Identity thieves can cause absolute mayhem for consumers and businesses. After a number of postponements, the Red Flag Rules went into effect on December 31st, 2010. Financial institutions and creditors are now required to implement an identity theft prevention program to detect certain “red flags” that indicate the person applying for credit may not be the individual says he/she is.
If your business extends credit, you may be required to comply with Fair and Accurate Credit Transactions Act (FACTA) Red Flag Rules. Under the Red Flag regulations, businesses that offer and maintain “covered” accounts must develop and implement a Red Flags Identity Theft prevention Program.
A “covered account” is an account primarily for personal, family, or household purposes that involves or is designed to permit multiple payments or transactions; (e.g. checking account, credit card, mortgage or auto loan, phone or utility bill etc.) or any other account where there is a reasonably foreseeable risk to customers or the safety and soundness of the business from identity theft.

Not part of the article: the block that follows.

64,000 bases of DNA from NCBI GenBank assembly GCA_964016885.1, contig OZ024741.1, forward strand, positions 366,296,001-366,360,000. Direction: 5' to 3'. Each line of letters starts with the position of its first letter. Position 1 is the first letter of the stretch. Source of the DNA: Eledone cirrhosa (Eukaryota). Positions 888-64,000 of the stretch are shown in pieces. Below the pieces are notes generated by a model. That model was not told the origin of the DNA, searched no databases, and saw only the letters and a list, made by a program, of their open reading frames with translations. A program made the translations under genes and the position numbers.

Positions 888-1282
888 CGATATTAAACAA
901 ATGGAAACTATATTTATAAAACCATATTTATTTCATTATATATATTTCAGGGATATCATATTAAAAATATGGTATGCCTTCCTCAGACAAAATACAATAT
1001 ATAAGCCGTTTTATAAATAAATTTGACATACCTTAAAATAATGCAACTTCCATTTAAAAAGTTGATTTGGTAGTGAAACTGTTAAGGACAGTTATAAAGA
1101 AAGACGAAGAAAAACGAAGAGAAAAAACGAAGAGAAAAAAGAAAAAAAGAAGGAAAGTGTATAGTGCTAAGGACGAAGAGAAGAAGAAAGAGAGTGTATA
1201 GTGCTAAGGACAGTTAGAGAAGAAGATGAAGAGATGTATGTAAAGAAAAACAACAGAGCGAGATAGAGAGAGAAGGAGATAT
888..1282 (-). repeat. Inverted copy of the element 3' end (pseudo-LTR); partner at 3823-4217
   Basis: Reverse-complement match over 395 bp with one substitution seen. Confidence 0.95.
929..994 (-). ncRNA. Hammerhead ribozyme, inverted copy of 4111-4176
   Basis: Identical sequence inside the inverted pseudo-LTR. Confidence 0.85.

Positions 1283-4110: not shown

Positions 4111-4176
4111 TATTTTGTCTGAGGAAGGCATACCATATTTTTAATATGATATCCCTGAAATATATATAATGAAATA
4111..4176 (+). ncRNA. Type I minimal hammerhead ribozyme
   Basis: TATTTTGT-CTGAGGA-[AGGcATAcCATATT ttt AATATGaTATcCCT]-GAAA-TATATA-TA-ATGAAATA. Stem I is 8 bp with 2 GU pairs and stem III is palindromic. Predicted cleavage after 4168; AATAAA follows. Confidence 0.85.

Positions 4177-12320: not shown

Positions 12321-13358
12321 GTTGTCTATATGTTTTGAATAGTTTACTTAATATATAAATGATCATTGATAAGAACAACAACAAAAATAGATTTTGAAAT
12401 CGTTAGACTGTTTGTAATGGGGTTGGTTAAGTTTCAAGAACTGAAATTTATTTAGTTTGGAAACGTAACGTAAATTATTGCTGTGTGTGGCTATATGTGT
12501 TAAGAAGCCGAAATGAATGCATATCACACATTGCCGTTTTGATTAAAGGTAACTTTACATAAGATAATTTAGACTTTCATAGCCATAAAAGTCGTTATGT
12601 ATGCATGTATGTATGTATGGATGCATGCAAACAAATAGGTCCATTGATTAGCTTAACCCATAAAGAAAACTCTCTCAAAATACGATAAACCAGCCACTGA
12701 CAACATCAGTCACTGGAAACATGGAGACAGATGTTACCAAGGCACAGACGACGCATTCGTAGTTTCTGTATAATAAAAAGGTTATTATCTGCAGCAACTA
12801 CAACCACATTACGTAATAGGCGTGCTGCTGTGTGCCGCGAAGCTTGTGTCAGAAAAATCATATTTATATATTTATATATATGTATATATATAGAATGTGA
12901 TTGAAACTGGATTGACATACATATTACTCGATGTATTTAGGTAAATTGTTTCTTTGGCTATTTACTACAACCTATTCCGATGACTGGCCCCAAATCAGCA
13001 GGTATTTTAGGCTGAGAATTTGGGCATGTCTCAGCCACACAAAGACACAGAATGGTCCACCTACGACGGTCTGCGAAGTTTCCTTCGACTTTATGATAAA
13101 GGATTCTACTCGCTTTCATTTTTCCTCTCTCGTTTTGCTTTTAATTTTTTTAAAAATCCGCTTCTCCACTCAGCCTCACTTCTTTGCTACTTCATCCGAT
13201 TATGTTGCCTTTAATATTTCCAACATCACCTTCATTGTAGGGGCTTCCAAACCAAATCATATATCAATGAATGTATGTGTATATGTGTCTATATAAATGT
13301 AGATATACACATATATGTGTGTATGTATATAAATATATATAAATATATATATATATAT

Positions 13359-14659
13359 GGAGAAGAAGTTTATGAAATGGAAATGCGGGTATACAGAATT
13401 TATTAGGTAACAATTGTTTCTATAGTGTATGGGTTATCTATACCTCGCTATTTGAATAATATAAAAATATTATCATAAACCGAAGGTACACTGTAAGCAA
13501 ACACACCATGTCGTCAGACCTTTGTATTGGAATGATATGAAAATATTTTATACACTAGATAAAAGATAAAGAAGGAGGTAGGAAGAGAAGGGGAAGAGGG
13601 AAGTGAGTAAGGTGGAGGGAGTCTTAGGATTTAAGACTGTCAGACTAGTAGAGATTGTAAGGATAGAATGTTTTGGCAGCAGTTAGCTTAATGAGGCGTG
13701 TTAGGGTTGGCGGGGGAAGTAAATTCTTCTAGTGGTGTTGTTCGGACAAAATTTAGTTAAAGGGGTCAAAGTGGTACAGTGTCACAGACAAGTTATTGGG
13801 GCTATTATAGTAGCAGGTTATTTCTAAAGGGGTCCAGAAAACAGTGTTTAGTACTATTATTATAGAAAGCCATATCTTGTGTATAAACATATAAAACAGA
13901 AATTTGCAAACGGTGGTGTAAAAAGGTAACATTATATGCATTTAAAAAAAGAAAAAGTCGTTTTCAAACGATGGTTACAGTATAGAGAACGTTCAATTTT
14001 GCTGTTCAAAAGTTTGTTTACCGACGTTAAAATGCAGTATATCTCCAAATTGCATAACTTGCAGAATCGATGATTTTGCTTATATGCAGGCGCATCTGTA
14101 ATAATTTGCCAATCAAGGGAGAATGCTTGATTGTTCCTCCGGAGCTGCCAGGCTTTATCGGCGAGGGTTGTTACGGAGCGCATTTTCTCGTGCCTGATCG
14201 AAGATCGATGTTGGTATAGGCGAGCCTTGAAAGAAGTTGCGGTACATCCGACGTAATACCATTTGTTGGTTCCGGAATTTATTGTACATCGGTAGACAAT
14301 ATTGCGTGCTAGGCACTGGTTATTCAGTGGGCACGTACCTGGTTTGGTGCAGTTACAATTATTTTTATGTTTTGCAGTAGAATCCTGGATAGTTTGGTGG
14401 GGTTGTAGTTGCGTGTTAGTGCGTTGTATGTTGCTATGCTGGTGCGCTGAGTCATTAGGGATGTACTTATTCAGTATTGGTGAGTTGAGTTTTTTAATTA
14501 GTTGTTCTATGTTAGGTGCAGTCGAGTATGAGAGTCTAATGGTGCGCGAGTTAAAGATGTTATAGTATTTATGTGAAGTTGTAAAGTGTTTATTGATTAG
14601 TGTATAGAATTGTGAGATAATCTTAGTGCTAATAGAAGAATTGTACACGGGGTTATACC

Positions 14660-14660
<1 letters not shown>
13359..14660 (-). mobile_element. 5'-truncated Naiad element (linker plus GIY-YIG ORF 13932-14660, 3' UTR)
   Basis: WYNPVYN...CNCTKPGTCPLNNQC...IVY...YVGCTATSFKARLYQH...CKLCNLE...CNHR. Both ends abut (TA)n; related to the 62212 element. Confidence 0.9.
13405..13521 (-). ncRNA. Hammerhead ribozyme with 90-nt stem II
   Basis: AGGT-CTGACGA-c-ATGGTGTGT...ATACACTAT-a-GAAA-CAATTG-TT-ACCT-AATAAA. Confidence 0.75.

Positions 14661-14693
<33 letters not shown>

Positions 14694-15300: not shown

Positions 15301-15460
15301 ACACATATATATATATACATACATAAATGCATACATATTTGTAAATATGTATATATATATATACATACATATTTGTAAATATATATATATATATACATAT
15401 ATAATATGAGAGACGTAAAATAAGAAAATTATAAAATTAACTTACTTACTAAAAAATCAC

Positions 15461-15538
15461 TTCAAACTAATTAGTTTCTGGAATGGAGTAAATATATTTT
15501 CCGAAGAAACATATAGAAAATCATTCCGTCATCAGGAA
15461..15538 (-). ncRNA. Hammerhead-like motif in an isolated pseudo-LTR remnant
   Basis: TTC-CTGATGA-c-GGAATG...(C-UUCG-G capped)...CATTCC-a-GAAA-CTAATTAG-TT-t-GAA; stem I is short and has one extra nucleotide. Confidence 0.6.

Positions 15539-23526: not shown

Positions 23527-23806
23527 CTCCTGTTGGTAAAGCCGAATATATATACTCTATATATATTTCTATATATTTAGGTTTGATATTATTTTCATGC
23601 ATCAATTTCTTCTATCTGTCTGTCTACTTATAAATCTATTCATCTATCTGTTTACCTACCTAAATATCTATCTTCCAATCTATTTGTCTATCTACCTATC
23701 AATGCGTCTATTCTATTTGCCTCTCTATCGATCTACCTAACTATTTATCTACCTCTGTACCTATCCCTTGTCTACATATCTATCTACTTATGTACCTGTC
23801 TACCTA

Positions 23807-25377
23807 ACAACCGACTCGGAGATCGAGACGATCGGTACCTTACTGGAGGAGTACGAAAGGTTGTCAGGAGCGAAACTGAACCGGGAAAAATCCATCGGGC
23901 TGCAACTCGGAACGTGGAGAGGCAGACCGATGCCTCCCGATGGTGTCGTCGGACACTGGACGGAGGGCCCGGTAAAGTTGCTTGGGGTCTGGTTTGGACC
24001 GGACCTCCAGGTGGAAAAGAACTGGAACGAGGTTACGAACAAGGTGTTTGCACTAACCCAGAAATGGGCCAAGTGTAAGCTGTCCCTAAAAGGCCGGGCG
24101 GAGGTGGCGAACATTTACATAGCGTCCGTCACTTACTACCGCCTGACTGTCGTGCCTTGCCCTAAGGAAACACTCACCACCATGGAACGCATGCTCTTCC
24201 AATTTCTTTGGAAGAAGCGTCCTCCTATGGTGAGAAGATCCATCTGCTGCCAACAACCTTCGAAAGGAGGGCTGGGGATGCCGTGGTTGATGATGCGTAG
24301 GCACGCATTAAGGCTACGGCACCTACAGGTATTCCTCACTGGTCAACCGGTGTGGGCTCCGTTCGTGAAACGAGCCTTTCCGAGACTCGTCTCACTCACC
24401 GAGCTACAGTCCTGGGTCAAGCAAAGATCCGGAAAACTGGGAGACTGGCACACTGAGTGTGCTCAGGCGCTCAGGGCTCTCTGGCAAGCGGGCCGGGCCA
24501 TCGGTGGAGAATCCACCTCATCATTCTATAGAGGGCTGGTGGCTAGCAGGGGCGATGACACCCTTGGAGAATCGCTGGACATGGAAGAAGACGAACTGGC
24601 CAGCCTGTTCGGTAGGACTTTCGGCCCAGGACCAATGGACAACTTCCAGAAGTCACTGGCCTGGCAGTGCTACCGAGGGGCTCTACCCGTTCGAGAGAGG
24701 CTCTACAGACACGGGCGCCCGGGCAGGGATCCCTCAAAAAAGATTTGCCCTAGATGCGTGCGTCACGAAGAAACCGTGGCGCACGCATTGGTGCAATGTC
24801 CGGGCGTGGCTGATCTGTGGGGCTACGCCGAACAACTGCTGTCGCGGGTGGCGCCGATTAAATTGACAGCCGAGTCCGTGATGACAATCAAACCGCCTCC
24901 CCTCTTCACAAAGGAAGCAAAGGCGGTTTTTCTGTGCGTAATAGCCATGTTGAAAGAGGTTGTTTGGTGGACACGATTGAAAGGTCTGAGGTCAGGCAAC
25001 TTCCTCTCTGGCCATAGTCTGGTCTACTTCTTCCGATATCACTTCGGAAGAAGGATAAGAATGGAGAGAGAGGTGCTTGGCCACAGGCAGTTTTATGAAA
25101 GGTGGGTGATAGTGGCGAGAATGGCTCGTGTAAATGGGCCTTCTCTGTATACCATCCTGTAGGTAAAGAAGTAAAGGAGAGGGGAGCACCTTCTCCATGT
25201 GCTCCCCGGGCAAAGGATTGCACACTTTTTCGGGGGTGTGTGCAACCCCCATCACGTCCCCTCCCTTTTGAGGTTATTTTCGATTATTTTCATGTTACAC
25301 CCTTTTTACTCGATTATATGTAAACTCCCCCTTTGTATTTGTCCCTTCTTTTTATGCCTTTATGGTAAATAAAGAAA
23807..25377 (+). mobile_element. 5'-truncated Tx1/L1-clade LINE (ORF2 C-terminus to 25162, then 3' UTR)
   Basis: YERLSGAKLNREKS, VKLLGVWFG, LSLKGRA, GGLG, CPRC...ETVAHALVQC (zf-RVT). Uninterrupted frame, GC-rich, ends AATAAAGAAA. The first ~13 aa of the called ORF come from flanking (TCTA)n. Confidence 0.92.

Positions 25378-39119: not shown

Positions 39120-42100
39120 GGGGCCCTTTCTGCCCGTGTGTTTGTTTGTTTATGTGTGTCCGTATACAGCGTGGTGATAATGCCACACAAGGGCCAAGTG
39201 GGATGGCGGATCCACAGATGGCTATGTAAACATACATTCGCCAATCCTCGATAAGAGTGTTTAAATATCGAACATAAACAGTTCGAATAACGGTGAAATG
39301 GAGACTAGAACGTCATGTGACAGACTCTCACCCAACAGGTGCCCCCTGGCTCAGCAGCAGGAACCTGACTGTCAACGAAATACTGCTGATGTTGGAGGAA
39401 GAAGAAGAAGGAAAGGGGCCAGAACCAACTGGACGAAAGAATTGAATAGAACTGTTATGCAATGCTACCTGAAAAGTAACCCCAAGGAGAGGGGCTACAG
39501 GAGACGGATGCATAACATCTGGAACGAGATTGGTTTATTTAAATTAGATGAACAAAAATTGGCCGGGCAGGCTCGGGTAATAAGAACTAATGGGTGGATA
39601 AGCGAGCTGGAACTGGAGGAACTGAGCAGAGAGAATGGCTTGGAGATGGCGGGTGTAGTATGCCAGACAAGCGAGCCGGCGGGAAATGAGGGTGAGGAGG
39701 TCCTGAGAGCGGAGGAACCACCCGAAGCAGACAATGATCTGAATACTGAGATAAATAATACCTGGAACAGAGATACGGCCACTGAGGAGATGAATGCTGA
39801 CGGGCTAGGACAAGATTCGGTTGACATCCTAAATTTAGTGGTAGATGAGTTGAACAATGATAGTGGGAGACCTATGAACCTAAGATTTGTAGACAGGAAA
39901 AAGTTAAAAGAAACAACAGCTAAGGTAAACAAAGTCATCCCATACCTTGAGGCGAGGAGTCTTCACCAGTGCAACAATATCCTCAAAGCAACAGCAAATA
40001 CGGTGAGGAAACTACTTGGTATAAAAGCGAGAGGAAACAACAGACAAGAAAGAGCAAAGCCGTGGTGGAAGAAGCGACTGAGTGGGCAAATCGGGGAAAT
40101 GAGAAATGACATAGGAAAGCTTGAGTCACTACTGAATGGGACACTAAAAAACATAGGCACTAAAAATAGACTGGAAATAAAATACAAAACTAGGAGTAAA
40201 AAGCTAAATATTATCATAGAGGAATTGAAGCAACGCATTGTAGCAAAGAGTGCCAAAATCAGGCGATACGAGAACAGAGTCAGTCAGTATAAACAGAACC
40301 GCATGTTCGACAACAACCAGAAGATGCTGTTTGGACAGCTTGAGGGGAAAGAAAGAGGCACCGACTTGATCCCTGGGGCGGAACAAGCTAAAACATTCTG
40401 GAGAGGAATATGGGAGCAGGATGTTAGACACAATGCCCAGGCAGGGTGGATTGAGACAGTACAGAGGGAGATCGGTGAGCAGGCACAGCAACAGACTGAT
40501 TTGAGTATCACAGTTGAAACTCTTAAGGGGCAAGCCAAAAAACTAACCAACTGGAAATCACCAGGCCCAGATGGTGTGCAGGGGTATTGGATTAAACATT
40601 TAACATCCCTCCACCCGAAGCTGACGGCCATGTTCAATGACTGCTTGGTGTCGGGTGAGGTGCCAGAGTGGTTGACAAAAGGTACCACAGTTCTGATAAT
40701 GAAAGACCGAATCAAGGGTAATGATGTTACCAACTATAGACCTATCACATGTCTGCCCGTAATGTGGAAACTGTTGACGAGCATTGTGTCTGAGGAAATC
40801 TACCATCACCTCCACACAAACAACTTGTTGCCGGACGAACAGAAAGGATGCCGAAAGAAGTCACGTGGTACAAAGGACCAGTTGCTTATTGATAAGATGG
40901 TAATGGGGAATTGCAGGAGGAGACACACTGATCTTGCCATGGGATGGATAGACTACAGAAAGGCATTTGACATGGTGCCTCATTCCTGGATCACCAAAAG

Examples of businesses subject to Red Flags:
· Credit Unions
· Debt Collectors
· Mortgage Brokers
· Credit Card Issuers
· Equipment Leasing Dealers
· Utility Companies
· Auto Dealers
· Telecommunications Companies
· Motorcycle Dealers
· Recreational Vehicle Dealers
Under the Red Flags Rules, financial institutions and creditors must develop a written program that identifies and detects the relevant warning signs – or “red flags” – of identity theft. These may include, for example, unusual account activity, fraud alerts on a consumer report, or attempted use of suspicious account application documents. The program must also describe appropriate responses that would prevent and mitigate the crime and detail a plan to update the program. The program must be managed by the Board of Directors or senior employees of the financial institution or creditor, include appropriate staff training, and provide for oversight of any service providers.